(COURIER: Once on the new Autostrada going from Venice to Padua, give the group a general introduction to Padua, stressing generalities, since they'll see the city only from a distance. Give first a preview of the day's events: the cities to be skirted, the new Autostrada del Sole which we pick up in Bologna, and the foothills of the Apennines mountains, which we'll cross going into Florence.)
Padua This is still the region of Veneto, Venice being the dominant city. For centuries, in fact, Padua was part of the Venetian empire; it became independent after Napoleon took Venice in 1797. Padua is remembered today chiefly for two things: the life and legend of St. Anthony; and the great University of Padua. Padua in Italian is Padova.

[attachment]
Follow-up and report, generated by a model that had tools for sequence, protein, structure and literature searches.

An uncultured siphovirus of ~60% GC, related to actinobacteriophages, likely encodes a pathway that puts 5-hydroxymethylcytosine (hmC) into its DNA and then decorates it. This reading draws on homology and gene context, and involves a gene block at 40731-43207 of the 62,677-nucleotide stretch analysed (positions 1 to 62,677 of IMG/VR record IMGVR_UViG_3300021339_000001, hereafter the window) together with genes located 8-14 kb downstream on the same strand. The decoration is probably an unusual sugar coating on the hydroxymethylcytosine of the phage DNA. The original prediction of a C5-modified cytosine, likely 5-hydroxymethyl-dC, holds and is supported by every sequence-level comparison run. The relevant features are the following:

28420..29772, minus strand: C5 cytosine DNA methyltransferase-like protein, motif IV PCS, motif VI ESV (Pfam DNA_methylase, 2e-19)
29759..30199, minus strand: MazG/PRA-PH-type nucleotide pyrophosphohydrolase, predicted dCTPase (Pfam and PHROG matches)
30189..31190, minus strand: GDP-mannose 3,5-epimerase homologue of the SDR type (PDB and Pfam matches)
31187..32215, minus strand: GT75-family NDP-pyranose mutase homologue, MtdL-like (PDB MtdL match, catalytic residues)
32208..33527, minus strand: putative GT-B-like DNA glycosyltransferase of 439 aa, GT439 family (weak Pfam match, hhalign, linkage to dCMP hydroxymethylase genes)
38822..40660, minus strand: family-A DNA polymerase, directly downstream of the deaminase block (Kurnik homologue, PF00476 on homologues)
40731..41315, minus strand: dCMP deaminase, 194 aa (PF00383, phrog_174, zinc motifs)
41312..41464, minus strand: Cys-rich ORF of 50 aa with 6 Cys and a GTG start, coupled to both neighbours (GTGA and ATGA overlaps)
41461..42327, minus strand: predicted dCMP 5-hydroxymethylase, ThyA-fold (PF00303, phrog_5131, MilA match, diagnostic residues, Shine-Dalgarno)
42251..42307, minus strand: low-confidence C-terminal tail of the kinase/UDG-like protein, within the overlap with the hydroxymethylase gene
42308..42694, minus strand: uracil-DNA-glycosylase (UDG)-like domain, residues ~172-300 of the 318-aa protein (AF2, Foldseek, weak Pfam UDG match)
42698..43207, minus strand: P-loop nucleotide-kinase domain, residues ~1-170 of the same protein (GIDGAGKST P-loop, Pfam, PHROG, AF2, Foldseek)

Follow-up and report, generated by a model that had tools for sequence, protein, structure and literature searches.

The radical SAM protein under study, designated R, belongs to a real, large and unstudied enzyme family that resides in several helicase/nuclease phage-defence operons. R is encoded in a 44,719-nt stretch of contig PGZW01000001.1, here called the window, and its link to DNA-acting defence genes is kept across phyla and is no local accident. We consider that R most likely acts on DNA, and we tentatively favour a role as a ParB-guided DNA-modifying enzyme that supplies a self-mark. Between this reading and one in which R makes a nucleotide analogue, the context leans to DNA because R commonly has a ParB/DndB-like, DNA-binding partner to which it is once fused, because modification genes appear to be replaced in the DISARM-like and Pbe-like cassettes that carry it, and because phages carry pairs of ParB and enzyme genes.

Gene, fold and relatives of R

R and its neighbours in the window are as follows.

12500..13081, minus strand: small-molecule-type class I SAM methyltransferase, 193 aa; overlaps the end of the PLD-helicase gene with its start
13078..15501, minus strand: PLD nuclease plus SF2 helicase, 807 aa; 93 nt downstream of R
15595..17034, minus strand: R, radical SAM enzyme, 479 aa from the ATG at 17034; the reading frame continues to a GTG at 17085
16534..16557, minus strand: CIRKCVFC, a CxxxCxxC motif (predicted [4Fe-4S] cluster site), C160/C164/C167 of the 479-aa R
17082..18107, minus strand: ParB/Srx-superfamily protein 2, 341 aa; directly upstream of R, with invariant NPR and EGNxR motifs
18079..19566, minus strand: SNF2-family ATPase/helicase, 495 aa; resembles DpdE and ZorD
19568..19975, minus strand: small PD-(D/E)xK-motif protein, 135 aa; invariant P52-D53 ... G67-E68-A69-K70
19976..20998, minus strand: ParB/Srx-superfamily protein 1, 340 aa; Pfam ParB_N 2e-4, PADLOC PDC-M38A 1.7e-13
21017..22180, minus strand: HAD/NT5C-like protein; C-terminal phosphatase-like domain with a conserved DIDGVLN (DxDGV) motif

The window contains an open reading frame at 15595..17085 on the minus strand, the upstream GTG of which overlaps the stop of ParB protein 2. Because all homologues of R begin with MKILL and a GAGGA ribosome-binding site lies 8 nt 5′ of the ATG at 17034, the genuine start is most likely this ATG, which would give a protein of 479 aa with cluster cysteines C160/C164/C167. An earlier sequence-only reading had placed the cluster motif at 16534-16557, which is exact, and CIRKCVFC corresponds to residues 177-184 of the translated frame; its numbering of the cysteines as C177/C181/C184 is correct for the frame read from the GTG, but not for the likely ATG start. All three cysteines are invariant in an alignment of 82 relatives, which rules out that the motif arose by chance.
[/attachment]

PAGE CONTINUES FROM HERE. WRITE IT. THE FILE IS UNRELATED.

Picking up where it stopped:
St. Anthony of Padua: One of the most popular saints in the Catholic world. He was Portuguese in origin, born in Lisbon in 1195. He entered the Franciscan order, becoming known as a stirring preacher. After traveling in Africa he came to Italy, where he died in 1231 just outside Padua. All kinds of miracles were attributed to him, including the ability to preach so forcefully that fishes in a stream could understand him! Just as St. Christopher is the patron saint of travelers, St. Anthony is the saint who helps you find lost articles. (Anybody lost a passport? This is the place.) After Anthony's death, his remains were buried in the Basilica of the Saint in Padua — the most impressive of the city's buildings. Its Byzantine-style domes (six in all) make it resemble St. Mark's Basilica in Venice; it's the second greatest example of Byzantine architecture in Italy. Some of Anthony's remains are preserved inside, in a dazzling gold-ornamented Treasury.